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# Completing the Square Calculator

Write the function and click the calculate button to complete the squares using the completing square calculator

## Completing Square Calculator

Completing Square Calculator is used to solve the quadratic equation by the completing square technique and also make the standard form of the completing square of the algebraic expression.

## What is Completing Square and how it works?

Completing the square is a mathematical method that makes it easy to solve quadratic equations that are not factorized easily. It converts the equation into a perfect square with the help of this we can easily solve any quadratic equation.

Step to generate the completing square of the quadratic equation in the form of `ax`

.^{2} + b x +c =0

- Firstly, transform the constant term “
**c**” other side of the equation by replacing its sign as`ax`

.^{2 }+ b x = −c - If the coefficient of “
**x**” is exit in the equation then divide the whole equation to make the coefficient free.^{2} - Multiply the coefficient of “
**x**” with the “**1/2**”. - Add the square of the above term getting after the multiplication of “
**1/2**” on both sides. - The left side can compress into the squares of the terms and the right side simplifies by any algebraic expression.
- Finally, take the square root on both sides and simplify by using any algebraic technique.

## How to solve the problems of completing squares?

Here we solved the different examples to understand the idea of completing a square.

**Example 1:**

Evaluate the equation using the completing square technique.

`2x`

^{2 }− 8x - 10 = 0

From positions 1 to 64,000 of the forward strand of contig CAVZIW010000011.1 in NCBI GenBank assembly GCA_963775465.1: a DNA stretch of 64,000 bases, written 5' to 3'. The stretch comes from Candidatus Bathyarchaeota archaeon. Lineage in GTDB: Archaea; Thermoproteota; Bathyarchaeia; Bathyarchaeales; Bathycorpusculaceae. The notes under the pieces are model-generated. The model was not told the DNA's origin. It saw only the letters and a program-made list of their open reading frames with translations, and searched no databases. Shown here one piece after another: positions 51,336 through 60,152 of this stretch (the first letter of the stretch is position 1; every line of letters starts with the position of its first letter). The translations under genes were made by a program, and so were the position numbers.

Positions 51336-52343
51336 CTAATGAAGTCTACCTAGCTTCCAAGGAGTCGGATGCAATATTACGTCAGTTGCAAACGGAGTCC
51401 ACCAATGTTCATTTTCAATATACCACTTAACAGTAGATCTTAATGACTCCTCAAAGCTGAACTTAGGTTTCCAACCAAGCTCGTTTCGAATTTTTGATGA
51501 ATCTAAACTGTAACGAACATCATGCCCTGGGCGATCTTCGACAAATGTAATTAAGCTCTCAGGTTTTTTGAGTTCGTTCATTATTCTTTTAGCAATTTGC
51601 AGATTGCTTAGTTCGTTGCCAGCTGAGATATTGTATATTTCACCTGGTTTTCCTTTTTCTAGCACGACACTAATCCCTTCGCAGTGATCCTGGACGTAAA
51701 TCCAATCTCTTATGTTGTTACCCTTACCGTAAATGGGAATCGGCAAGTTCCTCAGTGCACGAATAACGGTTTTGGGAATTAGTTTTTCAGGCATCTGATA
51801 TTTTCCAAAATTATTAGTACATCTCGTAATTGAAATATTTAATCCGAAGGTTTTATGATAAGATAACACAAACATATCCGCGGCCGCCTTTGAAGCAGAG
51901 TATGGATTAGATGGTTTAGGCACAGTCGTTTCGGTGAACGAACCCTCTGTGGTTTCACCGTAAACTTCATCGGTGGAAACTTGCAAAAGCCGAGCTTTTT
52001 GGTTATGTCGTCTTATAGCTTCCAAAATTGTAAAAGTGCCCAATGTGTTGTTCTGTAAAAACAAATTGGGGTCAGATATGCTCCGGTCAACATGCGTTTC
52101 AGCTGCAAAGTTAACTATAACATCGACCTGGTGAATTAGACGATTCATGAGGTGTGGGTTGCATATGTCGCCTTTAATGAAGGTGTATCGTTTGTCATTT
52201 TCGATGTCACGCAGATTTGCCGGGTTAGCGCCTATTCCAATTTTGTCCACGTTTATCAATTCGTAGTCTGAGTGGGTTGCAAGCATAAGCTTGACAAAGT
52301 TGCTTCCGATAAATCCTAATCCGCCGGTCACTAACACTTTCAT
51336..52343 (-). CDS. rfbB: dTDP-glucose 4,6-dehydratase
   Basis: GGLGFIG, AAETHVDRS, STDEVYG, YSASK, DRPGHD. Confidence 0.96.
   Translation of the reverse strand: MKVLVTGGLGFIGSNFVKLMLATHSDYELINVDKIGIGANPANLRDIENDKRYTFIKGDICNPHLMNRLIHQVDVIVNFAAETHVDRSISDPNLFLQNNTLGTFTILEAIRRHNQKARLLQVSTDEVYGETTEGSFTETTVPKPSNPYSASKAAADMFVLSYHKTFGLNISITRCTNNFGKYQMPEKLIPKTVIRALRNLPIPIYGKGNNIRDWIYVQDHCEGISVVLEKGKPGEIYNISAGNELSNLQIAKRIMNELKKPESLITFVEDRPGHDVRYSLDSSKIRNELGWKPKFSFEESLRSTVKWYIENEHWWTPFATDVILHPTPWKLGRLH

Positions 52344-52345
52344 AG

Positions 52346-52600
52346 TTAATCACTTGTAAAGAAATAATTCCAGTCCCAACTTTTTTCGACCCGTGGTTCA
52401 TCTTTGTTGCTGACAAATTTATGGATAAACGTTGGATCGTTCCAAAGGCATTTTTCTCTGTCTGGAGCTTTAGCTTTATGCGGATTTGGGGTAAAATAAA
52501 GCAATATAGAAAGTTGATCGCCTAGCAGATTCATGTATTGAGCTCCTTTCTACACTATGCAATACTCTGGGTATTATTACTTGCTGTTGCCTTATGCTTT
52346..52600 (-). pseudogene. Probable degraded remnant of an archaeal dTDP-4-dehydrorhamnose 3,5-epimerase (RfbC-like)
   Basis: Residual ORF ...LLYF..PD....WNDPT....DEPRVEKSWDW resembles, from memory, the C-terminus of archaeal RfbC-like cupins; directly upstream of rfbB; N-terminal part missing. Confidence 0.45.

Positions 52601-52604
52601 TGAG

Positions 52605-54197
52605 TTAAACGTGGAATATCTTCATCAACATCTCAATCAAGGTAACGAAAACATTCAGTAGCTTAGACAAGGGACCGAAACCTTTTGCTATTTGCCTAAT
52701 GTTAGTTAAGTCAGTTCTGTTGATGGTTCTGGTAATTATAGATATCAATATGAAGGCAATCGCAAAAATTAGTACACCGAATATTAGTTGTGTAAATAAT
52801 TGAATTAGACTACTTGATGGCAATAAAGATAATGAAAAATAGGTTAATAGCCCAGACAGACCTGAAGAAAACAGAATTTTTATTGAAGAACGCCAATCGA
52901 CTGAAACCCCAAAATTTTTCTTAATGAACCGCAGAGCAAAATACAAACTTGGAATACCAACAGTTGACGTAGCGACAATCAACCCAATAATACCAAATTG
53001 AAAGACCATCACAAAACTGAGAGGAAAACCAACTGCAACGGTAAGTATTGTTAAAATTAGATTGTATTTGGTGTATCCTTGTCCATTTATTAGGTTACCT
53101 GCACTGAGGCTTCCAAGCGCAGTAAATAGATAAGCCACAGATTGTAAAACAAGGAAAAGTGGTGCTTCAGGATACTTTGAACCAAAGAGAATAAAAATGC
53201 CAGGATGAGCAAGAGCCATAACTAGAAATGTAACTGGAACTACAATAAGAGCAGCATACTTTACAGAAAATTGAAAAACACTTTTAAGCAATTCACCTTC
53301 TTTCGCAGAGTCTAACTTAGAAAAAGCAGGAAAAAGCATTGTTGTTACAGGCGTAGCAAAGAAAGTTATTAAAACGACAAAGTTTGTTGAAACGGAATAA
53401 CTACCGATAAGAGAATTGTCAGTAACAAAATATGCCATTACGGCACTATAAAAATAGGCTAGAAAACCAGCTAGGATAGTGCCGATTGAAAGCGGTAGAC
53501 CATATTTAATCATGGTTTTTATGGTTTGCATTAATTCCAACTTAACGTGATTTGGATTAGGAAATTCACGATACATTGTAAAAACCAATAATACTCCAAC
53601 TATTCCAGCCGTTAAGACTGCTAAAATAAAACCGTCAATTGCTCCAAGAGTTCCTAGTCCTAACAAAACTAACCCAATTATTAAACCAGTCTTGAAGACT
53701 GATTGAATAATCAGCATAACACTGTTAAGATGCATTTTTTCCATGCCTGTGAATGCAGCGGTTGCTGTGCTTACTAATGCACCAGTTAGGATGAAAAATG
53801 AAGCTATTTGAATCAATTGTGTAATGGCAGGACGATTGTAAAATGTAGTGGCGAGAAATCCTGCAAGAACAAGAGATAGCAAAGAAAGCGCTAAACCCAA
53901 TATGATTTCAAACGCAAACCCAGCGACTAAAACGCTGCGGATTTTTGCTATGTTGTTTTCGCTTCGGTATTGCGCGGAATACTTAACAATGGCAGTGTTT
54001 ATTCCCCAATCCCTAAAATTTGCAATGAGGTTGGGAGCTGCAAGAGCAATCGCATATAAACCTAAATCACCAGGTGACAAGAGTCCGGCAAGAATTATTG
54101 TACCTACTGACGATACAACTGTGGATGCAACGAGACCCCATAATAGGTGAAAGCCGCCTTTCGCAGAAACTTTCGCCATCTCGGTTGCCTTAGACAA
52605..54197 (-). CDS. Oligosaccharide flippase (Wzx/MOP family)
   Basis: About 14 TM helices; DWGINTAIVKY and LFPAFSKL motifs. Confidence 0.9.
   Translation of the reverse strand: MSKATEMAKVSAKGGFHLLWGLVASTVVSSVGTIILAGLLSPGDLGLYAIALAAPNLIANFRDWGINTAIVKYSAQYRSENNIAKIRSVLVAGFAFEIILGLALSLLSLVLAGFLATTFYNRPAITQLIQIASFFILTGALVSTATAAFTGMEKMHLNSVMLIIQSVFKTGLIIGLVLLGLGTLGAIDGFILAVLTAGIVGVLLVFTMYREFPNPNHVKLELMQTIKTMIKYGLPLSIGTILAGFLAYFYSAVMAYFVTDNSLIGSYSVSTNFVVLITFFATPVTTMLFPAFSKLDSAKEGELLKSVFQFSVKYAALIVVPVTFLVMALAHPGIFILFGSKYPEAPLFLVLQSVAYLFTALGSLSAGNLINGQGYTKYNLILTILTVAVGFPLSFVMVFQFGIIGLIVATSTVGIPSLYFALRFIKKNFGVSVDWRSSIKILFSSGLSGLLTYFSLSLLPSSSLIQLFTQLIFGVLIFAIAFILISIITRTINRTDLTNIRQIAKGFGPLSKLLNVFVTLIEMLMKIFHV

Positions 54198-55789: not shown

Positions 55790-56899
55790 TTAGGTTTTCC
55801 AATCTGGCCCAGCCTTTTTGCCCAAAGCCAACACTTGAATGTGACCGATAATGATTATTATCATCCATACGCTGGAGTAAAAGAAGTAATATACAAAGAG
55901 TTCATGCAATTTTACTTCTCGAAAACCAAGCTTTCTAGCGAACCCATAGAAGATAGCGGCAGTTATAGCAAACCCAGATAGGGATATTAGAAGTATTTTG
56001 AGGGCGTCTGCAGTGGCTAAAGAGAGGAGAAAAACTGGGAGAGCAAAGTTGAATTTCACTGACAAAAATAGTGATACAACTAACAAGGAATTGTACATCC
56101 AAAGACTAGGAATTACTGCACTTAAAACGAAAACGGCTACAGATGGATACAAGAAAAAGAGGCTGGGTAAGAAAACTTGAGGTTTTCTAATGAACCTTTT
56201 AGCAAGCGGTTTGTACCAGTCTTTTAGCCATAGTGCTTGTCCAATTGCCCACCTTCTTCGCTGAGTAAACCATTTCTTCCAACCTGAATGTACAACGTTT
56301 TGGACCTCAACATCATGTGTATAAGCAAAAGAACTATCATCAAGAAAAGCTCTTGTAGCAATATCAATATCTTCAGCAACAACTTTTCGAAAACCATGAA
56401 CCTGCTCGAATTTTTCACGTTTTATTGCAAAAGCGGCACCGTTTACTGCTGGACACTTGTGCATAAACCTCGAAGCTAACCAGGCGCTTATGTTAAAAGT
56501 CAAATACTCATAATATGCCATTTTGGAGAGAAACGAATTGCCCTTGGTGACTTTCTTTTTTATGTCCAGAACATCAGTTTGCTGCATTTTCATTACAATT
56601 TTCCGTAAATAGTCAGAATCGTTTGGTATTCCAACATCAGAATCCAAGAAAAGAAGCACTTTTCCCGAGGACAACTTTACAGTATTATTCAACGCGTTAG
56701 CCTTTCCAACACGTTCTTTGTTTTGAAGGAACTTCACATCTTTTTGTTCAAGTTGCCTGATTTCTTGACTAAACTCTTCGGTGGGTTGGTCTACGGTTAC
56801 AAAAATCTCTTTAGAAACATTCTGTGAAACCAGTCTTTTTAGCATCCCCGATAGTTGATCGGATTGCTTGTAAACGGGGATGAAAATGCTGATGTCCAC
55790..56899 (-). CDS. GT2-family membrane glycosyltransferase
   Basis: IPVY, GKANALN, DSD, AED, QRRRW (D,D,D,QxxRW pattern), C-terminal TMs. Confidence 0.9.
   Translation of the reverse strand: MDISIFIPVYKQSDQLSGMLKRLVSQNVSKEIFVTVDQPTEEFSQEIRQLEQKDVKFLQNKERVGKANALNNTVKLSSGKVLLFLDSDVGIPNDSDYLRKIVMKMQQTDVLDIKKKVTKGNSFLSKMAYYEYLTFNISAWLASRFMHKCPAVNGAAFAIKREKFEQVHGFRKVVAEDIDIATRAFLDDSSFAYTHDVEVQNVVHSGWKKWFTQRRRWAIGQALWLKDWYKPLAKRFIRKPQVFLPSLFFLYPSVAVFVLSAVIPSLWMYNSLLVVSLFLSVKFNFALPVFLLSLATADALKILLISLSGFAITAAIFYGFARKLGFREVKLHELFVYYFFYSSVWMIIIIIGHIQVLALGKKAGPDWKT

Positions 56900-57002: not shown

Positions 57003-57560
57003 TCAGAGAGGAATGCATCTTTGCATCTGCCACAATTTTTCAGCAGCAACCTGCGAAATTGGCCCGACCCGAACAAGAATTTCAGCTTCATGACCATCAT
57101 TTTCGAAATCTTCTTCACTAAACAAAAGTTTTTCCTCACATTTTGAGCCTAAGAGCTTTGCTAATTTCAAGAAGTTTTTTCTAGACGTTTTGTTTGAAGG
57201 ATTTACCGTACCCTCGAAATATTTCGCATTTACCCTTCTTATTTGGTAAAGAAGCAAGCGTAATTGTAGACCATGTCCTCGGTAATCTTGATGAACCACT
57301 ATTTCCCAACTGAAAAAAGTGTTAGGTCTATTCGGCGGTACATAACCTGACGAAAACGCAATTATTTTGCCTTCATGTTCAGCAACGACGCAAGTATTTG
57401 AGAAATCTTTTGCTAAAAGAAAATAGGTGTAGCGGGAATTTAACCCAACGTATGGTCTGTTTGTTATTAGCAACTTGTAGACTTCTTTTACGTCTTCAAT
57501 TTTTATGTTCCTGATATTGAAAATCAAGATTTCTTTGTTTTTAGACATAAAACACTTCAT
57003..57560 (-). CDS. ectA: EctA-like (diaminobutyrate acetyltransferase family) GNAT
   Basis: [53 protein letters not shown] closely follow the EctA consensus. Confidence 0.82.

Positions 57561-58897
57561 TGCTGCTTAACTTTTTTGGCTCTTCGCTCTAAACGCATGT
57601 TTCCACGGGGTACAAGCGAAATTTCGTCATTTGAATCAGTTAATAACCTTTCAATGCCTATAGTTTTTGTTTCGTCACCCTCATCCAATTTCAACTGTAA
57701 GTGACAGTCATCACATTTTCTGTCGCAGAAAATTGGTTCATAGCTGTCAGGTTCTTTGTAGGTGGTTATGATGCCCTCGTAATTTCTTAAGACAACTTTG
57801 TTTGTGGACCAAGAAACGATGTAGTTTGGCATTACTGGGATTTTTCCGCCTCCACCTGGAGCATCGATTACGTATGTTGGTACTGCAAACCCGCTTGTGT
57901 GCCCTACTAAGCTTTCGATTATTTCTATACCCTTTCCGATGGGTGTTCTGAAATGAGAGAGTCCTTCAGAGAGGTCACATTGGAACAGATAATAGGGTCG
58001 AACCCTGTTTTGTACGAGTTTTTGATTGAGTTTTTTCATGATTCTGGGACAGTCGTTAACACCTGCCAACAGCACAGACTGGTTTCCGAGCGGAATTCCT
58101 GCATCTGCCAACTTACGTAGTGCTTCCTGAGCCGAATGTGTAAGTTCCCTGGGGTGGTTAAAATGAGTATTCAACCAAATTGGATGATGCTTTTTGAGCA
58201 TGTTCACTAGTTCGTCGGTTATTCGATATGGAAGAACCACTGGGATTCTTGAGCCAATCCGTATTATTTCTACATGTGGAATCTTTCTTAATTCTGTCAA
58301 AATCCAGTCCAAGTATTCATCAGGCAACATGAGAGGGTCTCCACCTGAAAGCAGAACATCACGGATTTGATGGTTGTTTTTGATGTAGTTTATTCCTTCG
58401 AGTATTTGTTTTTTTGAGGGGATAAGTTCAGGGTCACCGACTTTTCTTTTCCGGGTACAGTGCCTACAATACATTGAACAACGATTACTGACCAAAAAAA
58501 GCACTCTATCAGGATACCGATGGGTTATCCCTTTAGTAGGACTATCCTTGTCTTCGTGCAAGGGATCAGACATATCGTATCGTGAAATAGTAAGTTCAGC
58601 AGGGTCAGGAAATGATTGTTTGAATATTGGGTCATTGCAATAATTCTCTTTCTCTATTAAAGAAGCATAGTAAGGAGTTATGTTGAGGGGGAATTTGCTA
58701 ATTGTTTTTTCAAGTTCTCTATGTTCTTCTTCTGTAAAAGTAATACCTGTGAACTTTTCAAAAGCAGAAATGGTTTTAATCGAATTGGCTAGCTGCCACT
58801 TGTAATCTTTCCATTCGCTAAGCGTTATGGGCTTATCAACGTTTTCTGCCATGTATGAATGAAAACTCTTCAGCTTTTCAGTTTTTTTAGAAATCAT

**Solution:**

**Step 1: **First, divide with the “**2**” to make the “**x ^{2}**” coefficient free.

(2/2)x^{2 }– (8/2)x – (10/2) = 0

`x`

^{2 }− 4 x - 5 = 0

**Step 2: **Identify the constant term and take it to the other side.

x^{2 }− 4 x - 5 = 0

`x`

^{2 }− 4 x = 5

**Step 3: **Take the coefficients of “**x**” without the sign and multiply with the “**1/2**” and simplify.

4 × (1/2) = 4 × 1/2 = 2

**Step 4: **Now add the square of the above finding number on both sides.

x^{2 }− 4x + (2)^{2 }= (2)^{2 }+ 5

(x)^{2 }− 4x + (2)^{2 }= 4 + 5

(x)^{2 }− 4x + (2)^{2 }= 9

`(x−2)`

^{2 }= 9

**Step 5: **Now take the square root on both sides and simplify.

(x−2) = ± 3

x = 2 ± 3

`x = 2 + 3`

**x = 5 **

`x = 2 - 3`

**x = -1**

Hence, the solution of “**x**”.

**x = {− 1, 5}.**

**Example 2:**

Evaluate the equation using the completing square technique.

`x`

^{2 }− 2x + 5 = 0

**Solution:**

If the term “**x ^{2}**” in the equation is already free with any number then proceed to the second step.

**Step 1: **First, identify the constant term and take it to the other side.

x^{2 }− 2 x + 5 = 0

`x`

^{2 }− 2x = -5

**Step 2: **Take the coefficients of “**x**” without the sign and multiply with the “**1/2**” and simplify.

2 × (1/2) = 2 × ½ = 1

**Step 3: **Now add the square of the above finding number on both sides.

x^{2 }− 2x + (1)^{2 }= (1)^{2 }- 5

(x)^{2 }− 2x + (1)^{2 }= 1 - 5

(x)^{2 }− 2x + (1)^{2 }= - 4

`(x−1)`

^{2 }= -4

**Step 4: **Now take the square root on both sides and simplify.

(x−1) = ±2i

`x = 1 ± 2i`

Hence, the solution of “**x**”.

**x = {1 − 2i, 1 + 2i}.**